Submitted to: International Association for Food Protection Proceedings
Publication Type: Abstract Only
Publication Acceptance Date: March 2, 2011
Publication Date: August 1, 2011
Citation: Ingram, D.T., Sharma, M. 2011. The effect of soil pasteurization on the persistence of E. coli O157:H7 and Salmonella spp. in fallow and spinach-grown soil. International Association for Food Protection Proceedings. T1-09.
Introduction: The survival and persistence of E. coli and Salmonella in soils is dependent on many factors, including the presence of other microorganisms (fungi, bacteria, nematodes) and other nutrient sources, such as root exudates from growing plants. Practices, like soil fumigation, which are targeted to eliminate phytopathogens, may also affect the survival of bacterial of foodborne pathogens in soils.
Purpose: This study investigated the effect of soil pasteurization on the persistence of E. coli O157:H7 and Salmonella spp. in both fallow and soils containing baby spinach plants.
Methods: Sandy-loam soils (pasteurized or non-pasteurized) were either planted with baby spinach seeds or remained fallow and maintained under growth chamber conditions (14 h photoperiod at 18oC and 10 h at 13oC, 75% humidity). After two weeks, all soils were inoculated with irrigation water containing both E. coli O157:H7 and Salmonella at a population of 5 log CFU/g. Soils were analyzed weekly and enumerated on appropriate selective media to determine E. coli O157:H7 and Salmonella counts. Regression modeling was used to compare treatment effects by comparing the respective rates of decline (kmax = log CFU/g/day ) for E. coli O157:H7 and Salmonella populations.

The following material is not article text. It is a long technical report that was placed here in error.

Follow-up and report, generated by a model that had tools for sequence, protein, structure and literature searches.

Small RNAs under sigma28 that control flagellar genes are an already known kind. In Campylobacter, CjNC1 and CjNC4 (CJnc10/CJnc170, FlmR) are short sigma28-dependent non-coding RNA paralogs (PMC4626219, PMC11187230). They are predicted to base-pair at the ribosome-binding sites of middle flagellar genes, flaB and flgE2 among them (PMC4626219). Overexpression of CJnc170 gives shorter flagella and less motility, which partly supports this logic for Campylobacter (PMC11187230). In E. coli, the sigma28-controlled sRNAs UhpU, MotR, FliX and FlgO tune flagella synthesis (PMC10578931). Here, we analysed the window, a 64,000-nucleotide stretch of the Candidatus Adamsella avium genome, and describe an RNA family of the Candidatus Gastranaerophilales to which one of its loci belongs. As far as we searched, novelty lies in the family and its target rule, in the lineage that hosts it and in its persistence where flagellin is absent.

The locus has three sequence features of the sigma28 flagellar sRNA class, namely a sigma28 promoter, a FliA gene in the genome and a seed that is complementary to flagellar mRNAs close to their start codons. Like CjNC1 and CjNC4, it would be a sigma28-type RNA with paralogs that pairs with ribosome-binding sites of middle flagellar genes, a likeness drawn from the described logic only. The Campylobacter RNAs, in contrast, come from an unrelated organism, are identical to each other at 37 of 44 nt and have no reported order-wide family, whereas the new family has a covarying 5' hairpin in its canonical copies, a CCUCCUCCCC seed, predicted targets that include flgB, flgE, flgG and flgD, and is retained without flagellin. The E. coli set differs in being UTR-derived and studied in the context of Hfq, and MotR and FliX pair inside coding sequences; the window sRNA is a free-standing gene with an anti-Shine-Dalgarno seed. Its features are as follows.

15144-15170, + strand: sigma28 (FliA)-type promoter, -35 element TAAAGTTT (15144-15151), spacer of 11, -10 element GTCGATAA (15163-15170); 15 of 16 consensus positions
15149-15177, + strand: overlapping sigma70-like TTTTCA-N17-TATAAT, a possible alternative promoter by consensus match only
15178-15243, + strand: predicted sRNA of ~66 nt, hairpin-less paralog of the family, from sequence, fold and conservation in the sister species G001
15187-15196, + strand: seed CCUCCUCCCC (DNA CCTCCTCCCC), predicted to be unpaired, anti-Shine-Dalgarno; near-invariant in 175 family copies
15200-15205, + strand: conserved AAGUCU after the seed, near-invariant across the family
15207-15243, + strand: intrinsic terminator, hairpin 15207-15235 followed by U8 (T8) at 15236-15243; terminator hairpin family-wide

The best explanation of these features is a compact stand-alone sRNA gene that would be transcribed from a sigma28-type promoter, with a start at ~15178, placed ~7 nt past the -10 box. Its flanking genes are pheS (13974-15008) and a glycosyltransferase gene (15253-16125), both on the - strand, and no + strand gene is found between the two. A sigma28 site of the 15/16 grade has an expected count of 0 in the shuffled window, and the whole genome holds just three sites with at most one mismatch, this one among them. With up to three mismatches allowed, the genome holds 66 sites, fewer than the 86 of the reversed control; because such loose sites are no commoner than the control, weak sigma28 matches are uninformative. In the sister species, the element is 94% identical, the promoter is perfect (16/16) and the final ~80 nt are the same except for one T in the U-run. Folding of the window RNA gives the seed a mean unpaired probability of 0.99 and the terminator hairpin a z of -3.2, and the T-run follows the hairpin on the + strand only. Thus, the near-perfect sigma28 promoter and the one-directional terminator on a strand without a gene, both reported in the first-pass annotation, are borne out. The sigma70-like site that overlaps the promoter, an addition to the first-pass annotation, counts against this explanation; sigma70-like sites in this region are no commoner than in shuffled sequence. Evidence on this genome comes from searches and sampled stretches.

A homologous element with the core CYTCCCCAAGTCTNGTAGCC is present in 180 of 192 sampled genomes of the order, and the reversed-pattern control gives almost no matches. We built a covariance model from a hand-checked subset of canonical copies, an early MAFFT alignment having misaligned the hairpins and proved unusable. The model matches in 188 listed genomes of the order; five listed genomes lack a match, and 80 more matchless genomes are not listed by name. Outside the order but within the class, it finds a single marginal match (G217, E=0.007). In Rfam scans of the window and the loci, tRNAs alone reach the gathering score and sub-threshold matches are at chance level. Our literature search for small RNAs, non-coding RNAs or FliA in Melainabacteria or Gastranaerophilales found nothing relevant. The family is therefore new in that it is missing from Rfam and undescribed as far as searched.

Results: Salmonella populations declined at either a significantly (P< 0.05) slower or the same rate than E. coli O157:H7. In fallow soil, both E. coli and Salmonella populations declined more rapidly in non-pasteurized soil (0.31 and 0.28, respectively) than in pasteurized soil (0.28 and 0.23, respectively). The introduction of baby spinach plants did not significantly contribute to the survival of either E. coli O157:H7 or Salmonella populations as compared to fallow soils.
Significance: Pasteurized soils may create a niche for the persistence of transient populations of E. coli O157:H7 and Salmonella spp that may not exist in non-pasteurized soils. The presence of spinach plants did not enhance the survival of either pathogen in soil.